Polar, protic and unreactive Lewis base solvents facilitate formation of R+ Solvent polarity is measured as dielectric polarization (P) Nonpolar solvents have low P Polar solvents have high P values

33 11.6 Biological Substitution Reactions
SN1 and SN2 reactions are well known in biological chemistry Unlike what happens in the laboratory, substrate in biological substitutions is often organodiphosphate rather than an alkyl halide

34 11.7 Elimination Reactions of Alkyl Halides: Zaitsev’s Rule
Elimination is an alternative pathway to substitution Opposite of addition Generates an alkene Can compete with substitution and decrease yield, especially for SN1 processes

35 Zaitsev’s Rule for Elimination Reactions
In the elimination of HX from an alkyl halide, the more highly substituted alkene product predominates

36 Mechanisms of Elimination Reactions
Ingold nomenclature: E – “elimination” E1: X- leaves first to generate a carbocation a base abstracts a proton from the carbocation E2: Concerted transfer of a proton to a base and departure of leaving group

37 11.8 The E2 Reaction and the Deuterium Isotope Effect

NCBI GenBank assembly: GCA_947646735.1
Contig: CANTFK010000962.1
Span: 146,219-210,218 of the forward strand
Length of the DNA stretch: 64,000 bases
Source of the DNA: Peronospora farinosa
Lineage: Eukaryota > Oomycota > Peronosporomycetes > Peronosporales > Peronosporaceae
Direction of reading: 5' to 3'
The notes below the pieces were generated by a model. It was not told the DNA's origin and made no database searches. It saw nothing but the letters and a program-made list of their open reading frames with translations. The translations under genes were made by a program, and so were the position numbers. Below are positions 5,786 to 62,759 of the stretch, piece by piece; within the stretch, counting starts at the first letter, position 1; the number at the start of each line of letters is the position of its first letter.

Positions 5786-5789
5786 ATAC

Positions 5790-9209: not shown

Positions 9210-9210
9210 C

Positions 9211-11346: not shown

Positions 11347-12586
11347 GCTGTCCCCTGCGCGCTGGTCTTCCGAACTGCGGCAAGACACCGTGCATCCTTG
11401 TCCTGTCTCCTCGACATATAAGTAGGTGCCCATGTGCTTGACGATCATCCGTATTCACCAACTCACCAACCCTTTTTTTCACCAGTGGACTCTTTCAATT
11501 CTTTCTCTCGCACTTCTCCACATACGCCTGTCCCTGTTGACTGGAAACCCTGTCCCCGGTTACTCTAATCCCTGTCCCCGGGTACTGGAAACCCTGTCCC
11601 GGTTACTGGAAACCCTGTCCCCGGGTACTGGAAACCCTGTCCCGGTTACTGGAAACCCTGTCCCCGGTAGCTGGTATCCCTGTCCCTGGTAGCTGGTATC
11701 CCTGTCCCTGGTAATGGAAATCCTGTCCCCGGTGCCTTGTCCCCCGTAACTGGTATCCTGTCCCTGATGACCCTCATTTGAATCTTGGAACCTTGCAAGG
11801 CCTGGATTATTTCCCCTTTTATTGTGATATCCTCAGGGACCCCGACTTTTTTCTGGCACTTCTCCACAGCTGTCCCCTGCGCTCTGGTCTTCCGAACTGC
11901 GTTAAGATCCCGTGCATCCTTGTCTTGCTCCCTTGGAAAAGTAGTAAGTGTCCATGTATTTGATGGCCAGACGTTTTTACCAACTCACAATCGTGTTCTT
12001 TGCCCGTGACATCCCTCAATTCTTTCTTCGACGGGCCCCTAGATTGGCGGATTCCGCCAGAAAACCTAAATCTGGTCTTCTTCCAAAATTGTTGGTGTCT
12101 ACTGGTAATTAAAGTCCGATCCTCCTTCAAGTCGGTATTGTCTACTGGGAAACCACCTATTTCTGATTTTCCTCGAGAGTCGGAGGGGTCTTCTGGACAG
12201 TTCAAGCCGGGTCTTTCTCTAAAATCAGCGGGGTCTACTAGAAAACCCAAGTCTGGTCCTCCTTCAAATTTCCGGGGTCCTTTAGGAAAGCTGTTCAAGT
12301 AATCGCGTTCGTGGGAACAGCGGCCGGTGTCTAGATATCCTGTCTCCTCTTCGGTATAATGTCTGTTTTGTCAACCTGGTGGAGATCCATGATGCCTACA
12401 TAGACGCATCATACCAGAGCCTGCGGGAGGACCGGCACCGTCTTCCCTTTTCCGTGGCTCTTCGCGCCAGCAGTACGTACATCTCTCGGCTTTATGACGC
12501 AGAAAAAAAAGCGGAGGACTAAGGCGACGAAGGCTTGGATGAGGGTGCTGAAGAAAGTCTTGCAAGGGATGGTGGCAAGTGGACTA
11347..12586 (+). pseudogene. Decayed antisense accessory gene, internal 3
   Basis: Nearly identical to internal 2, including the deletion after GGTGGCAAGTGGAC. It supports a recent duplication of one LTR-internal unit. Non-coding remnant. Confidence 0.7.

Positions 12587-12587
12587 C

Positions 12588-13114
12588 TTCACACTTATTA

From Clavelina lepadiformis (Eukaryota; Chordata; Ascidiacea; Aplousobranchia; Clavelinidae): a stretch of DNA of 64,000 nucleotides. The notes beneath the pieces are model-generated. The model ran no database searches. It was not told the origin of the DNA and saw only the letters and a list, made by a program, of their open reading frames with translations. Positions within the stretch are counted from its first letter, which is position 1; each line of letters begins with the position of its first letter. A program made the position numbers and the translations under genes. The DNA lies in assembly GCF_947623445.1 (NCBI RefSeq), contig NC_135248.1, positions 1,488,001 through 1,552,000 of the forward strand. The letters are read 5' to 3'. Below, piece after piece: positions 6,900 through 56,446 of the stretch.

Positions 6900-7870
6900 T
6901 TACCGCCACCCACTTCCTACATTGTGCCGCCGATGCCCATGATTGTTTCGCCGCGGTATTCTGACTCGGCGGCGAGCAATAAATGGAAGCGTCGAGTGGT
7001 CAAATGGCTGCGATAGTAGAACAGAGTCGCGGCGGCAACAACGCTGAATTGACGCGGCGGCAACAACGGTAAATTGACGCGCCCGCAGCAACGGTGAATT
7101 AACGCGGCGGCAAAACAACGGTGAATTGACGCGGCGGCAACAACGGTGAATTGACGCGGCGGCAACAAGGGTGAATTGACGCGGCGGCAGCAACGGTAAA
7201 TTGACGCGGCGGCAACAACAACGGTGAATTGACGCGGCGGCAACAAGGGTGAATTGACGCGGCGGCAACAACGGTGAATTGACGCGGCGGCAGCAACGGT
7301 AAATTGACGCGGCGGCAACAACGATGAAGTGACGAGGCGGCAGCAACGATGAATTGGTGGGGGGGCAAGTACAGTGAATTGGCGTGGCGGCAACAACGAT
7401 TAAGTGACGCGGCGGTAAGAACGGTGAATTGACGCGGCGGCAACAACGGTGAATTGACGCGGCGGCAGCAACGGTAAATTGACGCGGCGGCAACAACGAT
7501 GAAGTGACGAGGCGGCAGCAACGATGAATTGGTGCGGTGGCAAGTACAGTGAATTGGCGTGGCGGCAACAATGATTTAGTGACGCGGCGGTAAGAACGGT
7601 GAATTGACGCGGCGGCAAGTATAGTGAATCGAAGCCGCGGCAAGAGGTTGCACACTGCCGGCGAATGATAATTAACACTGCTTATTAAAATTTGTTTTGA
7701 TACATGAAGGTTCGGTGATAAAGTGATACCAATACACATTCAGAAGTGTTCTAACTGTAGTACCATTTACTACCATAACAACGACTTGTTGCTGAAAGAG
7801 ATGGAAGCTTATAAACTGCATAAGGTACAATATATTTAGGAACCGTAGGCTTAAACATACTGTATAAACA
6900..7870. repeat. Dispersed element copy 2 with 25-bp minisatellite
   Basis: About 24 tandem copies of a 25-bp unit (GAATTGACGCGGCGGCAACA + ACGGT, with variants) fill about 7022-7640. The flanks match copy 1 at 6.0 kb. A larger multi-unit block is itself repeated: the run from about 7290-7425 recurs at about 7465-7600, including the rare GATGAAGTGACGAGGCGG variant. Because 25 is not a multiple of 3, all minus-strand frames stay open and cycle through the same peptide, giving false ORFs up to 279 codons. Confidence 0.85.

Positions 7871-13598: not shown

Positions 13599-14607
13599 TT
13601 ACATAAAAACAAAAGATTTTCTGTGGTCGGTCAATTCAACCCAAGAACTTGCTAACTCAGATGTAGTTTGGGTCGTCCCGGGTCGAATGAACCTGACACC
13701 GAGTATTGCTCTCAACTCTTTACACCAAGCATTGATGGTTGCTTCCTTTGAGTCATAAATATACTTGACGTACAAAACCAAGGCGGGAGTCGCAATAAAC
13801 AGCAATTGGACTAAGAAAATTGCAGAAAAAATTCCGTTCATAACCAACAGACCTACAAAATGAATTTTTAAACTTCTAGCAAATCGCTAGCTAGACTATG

A proton is transferred to base as leaving group begins to depart Transition state combines leaving of X and transfer of H Product alkene forms stereospecifically

38 Geometry of Elimination – E2
allows orbital overlap and minimizes steric interactions

39 E2 Stereochemistry Overlap of the developing  orbital in the transition state requires periplanar geometry, anti arrangement

40 Predicting Product E2 is stereospecific
Meso-1,2-dibromo-1,2-diphenylethane with base gives cis 1,2-diphenyl RR or SS 1,2-dibromo-1,2-diphenylethane gives trans 1,2-diphenyl

41 11.9 The E2 Reaction and Cyclohexene Formation
Abstracted proton and leaving group should align trans-diaxial to be anti periplanar (app) in approaching transition state Equatorial groups are not in proper alignment

42 11.10 The E1 and E1cB Reactions Competes with SN1 and E2 at 3° centers
V = k [RX], same as SN1

43 Comparing E1 and E2 Strong base is needed for E2 but not for E1
E2 is stereospecific, E1 is not E1 gives Zaitsev orientation

44 E1cB (conjugate Base) Reaction
Takes place through a carbanion intermediate

45 11.11 Biological Elimination Reactions
All three elimination reactions occur in biological pathways E1cB very common Typical example occurs during biosynthesis of fats when 3-hydroxybutyryl thioester is dehydrated to corresponding thioester

46 11.12 Summary of Reactivity: SN1, SN2, E1, E1cB, E2
Alkyl halides undergo different reactions in competition, depending on the reacting molecule and the conditions Based on patterns, we can predict likely outcomes

47 Let’s Work a Problem Tell whether the following reaction will be SN1, SN2, E1, E1cB, or E2?

48 Answer Let’s examine the reactant. butylBr is a 1˚ halide, the nucleophile (NaN3) is nonbasic, and the product is a SUBSTITUTION. This means that SN2 is the likely mechanism to produce the azide.